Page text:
5.4. SCTP TML NE level channel scheduling . . . . . . . . . . . 18 9. References . . . . . . . . . . . . . . . . . . . . . . . . . . 18
6. Service Interface . . . . . . . . . . . . . . . . . . . . . . 19 9.1. Normative References . . . . . . . . . . . . . . . . . . . 18
6.1. TML Boot-strapping . . . . . . . . . . . . . . . . . . . . 19 9.2. Informative References . . . . . . . . . . . . . . . . . . 19
6.2. TML Shutdown . . . . . . . . . . . . . . . . . . . . . . . 21 Appendix A. SCTP TML Channel Work Implementation . . . . . . . . 19
6.3. TML Sending and Receiving . . . . . . . . . . . . . . . . 21 A.1. SCTP TML Channel Initialization . . . . . . . . . . . . . 20
7. IANA Considerations . . . . . . . . . . . . . . . . . . . . . 23 A.2. Channel work scheduling . . . . . . . . . . . . . . . . . 20
8. Security Considerations . . . . . . . . . . . . . . . . . . . 23 A.2.1. FE Channel work scheduling . . . . . . . . . . . . . . 20
8.1. IPsec Usage . . . . . . . . . . . . . . . . . . . . . . . 24 A.2.2. CE Channel work scheduling . . . . . . . . . . . . . . 21
8.1.1. SAD and SPD setup . . . . . . . . . . . . . . . . . . 24 A.3. SCTP TML Channel Termination . . . . . . . . . . . . . . . 21
9. Acknowledgements . . . . . . . . . . . . . . . . . . . . . . . 24 A.4. SCTP TML NE level channel scheduling . . . . . . . . . . . 22
10. References . . . . . . . . . . . . . . . . . . . . . . . . . . 25 Appendix B. Service Interface . . . . . . . . . . . . . . . . . . 22
10.1. Normative References . . . . . . . . . . . . . . . . . . . 25 B.1. TML Boot-strapping . . . . . . . . . . . . . . . . . . . . 23
10.2. Informative References . . . . . . . . . . . . . . . . . . 25 B.2. TML Shutdown . . . . . . . . . . . . . . . . . . . . . . . 24
B.3. TML Sending and Receiving . . . . . . . . . . . . . . . . 25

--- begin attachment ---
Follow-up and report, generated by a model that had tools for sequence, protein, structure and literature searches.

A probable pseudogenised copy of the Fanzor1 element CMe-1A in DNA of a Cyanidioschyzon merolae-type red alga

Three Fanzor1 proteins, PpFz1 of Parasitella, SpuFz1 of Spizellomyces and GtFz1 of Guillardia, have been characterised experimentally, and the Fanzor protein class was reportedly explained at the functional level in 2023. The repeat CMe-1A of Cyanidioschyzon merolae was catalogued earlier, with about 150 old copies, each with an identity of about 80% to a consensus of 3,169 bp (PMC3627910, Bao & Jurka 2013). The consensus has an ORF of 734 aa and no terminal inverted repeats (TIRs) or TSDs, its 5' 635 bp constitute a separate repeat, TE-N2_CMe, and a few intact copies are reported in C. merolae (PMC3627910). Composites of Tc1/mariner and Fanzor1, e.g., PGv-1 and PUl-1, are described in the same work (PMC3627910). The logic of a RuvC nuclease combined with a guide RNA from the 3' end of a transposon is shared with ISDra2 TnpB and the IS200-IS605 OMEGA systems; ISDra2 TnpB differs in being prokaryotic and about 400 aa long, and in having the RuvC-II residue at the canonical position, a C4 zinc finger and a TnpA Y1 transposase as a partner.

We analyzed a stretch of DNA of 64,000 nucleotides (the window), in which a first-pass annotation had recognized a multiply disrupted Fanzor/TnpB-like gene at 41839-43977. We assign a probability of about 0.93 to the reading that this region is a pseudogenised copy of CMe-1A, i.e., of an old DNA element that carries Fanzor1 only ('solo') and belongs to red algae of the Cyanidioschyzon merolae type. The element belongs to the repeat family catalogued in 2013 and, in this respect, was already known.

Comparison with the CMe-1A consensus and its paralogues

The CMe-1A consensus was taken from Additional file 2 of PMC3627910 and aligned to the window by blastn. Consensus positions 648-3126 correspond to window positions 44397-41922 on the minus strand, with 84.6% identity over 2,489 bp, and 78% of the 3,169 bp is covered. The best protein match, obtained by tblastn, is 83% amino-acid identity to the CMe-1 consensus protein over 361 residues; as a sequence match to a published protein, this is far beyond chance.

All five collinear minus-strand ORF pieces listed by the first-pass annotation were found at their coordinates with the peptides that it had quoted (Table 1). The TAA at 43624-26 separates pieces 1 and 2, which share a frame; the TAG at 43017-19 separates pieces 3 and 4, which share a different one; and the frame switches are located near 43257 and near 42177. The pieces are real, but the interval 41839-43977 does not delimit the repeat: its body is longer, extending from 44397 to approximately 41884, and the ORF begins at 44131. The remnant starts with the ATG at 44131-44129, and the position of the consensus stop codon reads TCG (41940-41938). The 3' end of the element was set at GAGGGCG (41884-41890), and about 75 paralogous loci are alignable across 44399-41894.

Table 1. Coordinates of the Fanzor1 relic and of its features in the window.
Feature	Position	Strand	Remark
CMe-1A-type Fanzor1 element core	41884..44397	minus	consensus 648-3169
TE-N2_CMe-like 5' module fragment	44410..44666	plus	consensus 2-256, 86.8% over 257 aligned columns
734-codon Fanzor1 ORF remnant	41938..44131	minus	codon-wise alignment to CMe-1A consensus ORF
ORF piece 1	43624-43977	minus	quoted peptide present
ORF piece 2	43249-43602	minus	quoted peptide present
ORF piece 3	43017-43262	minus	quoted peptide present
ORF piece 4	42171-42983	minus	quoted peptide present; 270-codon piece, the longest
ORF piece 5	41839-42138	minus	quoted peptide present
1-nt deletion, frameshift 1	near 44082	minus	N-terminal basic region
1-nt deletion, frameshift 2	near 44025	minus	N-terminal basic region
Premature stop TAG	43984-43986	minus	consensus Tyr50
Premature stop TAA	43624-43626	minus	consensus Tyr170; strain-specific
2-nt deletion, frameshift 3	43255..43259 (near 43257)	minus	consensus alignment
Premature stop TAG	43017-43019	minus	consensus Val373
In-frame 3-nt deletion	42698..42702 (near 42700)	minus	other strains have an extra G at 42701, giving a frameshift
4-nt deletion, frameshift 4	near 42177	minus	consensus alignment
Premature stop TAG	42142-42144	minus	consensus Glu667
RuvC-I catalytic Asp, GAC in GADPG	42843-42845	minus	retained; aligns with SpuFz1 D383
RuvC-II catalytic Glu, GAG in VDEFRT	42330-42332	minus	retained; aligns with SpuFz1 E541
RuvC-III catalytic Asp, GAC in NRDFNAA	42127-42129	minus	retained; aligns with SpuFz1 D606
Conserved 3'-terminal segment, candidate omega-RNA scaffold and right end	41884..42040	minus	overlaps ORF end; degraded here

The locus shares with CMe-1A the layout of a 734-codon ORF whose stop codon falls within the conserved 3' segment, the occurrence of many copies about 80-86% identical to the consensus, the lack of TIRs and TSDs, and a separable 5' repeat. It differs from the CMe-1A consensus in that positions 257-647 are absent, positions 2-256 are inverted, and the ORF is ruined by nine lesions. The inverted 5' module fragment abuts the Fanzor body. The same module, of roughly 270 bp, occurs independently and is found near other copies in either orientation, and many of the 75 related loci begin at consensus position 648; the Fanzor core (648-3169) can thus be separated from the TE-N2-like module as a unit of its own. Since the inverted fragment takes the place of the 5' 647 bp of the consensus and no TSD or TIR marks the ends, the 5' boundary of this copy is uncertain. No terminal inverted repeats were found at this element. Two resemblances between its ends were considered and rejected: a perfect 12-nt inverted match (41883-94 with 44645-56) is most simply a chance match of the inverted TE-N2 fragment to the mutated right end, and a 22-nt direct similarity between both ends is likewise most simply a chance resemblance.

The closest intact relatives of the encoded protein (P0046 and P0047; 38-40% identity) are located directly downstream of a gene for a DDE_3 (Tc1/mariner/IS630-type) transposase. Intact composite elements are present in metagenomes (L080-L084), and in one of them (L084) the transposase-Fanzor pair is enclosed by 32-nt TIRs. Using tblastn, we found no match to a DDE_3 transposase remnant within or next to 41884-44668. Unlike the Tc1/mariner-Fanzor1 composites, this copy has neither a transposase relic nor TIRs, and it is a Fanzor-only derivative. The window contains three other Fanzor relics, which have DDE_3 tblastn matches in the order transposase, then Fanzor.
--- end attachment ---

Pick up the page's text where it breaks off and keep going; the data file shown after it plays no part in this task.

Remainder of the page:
Authors' Addresses . . . . . . . . . . . . . . . . . . . . . . . . 26 Authors' Addresses . . . . . . . . . . . . . . . . . . . . . . . . 26
1. Definitions 1. Definitions
The following definitions are taken from [RFC3654]and [RFC3746]: The following definitions are taken from [RFC3654]and [RFC3746]:
ForCES Protocol -- The protocol used at the Fp reference point in the ForCES Protocol -- The protocol used at the Fp reference point in the
ForCES Framework in [RFC3746]. ForCES Framework in [RFC3746].
ForCES Protocol Layer (ForCES PL) -- A layer in ForCES protocol ForCES Protocol Layer (ForCES PL) -- A layer in ForCES protocol
skipping to change at page 6, line 5 skipping to change at page 6, line 5
+----------------------------+ +----------------------------+
Figure 2: The TML-PL interface Figure 2: The TML-PL interface
Figure 2 also shows an interface referred to as CEM/FEM[RFC3746] Figure 2 also shows an interface referred to as CEM/FEM[RFC3746]
which is responsible for bootstrapping and parameterization of the which is responsible for bootstrapping and parameterization of the
TML. In its most basic form the CEM/FEM interface takes the form of TML. In its most basic form the CEM/FEM interface takes the form of
a simple static config file which is read on startup in the pre- a simple static config file which is read on startup in the pre-
association phase. association phase.
Section 6 discusses in more details the service interfaces. Appendix B discusses in more details the service interfaces.
3.2.2. TML Parameterization 3.2.2. TML Parameterization
It is expected that it should be possible to use a configuration It is expected that it should be possible to use a configuration
reference point, such as the FEM or the CEM, to configure the TML. reference point, such as the FEM or the CEM, to configure the TML.
Some of the configured parameters may include: Some of the configured parameters may include:
o PL ID o PL ID
skipping to change at page 12, line 21 skipping to change at page 12, line 21
This means that the HP messages are always processed first until This means that the HP messages are always processed first until
there are no more left. The LP channel is processed only if a there are no more left. The LP channel is processed only if a
channel that is higher priority than itself has no more messages left channel that is higher priority than itself has no more messages left
to process. This means that under congestion situation, a higher to process. This means that under congestion situation, a higher
priority channel with sufficient messages that occupy the available priority channel with sufficient messages that occupy the available
bandwidth would starve lower priority channel(s). bandwidth would starve lower priority channel(s).
The design intent of the SCTP TML is to tie prioritization as The design intent of the SCTP TML is to tie prioritization as
described in Section 4.2.1.1 and transport congestion control to described in Section 4.2.1.1 and transport congestion control to
provide implicit node congestion control. This is further detailed provide implicit node congestion control. This is further detailed
in Section 5.2. in Appendix A.2.
SCTP channel +----------+ SCTP channel +----------+